In a meeting between the BCCL management and the state government, represented by industry minister, P.N. Singh, on Saturday, it was decided that people from 10 sensitive areas would be evacuated. Experts felt that though “there was no immediate threat”, Jharia could fall off the coal map in 10 years’ time and become a “subterranean entity.” The BCCL has been asked to prepare a list of unauthorized buildings and residents in the affected area.

Though Marandi has pitched in P.N. Singh to contend the warring forces, the relocation remedy has not gone down well with the masses. Despite announcing an array of sops to offset the gravity of the loss, public resentment is already brewing.

The BJP apart, the move also portends ill for the Samata Party, represented by Bachcha Singh. The minister is an ally of the state party unit chief, Ramesh Singh Munda, who has recently been targetted for ouster by a strong dissident group within the state Samata Party. As a result, Bachcha Singh has also been sidelined and threatened. The Samata rebels have been sharpening their knives for Singh while raising the pitch for Munda’s removal in Delhi.

Consequently, Bachcha Singh has hit out in self-defence. “No one can order Jharia’s evacuation without my consent. I have spent a huge amount for the development of Jharia’s infrastructure. No one (read Samresh Singh) can charge me with colluding with the coal mafia,” he roared.

Not to be outdone, techno-savvy Samresh Singh roped in his long-time friend, A.P.J. Abdul Kalam, to announce an 11-member rescue team for Jharia victims. The Union minister for coal and mines, Uma Bharti, has been asked to constitute the committee on a war-footing. It will comprise members from the Central Fuel Research Institute and Indian School of Mines and Indian Institute of Coal Management. The science and technology minister has also planned a one-crore signature campaign for his save-Jharia mission.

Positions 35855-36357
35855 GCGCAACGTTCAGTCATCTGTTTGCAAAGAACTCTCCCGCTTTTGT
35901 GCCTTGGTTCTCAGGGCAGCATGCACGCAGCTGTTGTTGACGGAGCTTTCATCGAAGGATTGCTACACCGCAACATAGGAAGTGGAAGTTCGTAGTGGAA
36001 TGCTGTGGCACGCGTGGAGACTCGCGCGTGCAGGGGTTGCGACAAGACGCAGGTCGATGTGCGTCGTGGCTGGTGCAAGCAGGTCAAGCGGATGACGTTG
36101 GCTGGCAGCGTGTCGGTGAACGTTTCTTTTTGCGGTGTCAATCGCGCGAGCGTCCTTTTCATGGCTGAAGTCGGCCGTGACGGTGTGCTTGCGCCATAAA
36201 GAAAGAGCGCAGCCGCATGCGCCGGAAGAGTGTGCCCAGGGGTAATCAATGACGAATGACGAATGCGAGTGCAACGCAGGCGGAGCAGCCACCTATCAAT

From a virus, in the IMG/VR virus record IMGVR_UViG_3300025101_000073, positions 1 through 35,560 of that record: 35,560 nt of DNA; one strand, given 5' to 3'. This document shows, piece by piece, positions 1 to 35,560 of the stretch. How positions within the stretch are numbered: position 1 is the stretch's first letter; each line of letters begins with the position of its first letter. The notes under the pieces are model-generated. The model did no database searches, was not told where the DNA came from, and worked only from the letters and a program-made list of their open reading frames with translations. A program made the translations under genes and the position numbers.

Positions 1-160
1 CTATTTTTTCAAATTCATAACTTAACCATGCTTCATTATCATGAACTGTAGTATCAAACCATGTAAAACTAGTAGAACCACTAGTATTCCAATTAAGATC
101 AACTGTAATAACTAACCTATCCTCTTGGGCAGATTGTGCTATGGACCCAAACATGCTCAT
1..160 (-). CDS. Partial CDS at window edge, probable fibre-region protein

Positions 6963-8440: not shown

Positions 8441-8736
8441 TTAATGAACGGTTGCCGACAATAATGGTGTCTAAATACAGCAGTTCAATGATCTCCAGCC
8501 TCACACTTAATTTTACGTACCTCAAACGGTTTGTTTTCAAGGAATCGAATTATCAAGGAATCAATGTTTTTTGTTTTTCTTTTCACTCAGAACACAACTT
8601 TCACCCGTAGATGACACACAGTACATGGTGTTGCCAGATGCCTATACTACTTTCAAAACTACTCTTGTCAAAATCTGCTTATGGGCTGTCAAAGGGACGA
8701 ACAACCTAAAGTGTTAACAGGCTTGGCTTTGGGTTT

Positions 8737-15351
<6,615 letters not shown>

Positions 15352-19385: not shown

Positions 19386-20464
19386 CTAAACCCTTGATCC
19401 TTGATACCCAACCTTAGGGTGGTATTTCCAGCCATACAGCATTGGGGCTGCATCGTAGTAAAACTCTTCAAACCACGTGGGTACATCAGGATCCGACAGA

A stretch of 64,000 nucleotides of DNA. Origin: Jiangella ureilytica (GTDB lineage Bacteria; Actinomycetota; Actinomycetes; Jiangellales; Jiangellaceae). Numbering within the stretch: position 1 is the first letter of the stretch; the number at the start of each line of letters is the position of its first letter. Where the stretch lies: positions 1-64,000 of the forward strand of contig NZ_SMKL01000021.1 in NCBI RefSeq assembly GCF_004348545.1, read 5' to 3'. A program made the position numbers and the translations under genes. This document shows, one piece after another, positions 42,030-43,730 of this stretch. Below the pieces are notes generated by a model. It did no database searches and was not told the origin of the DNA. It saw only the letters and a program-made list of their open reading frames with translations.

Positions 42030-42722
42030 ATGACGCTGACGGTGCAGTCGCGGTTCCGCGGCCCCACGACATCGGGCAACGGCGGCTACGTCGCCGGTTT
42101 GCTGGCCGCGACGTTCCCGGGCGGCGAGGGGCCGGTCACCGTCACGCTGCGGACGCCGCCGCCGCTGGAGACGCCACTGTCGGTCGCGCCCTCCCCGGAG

A smug Samresh Singh said: “Jharia’s misfortune lies in a politician (read Bachcha Singh)-mafia nexus that is conspiring to swell its kitty by removing lakhs of people so that fresh areas can be mined. The chief minister has been misled. Mines do not figure on the state list, it is up to the Centre to decide.” Samresh Singh has a lot at stake in Jharia. An independent legislator, who later joined the Marandi government, Samresh Singh relies heavily on the industrial vote bank. Any attempt to dislodge the people of Jharia’s town could prove to be his political undoing.

As the politicians pack in more gunpowder, residents of Jharia are, ironically, relieved. Says Sanjeev Tiwary, a trader at Katras: “For once, both of them are talking about saving us even though they are squabbling.” The ground in front of Tiwary’s automobile shop has caved in and the heat is stifling even in an early autumn evening. He and several others at Katras intersection on the Dhanbad-Jharia road, sit on a tinderbox.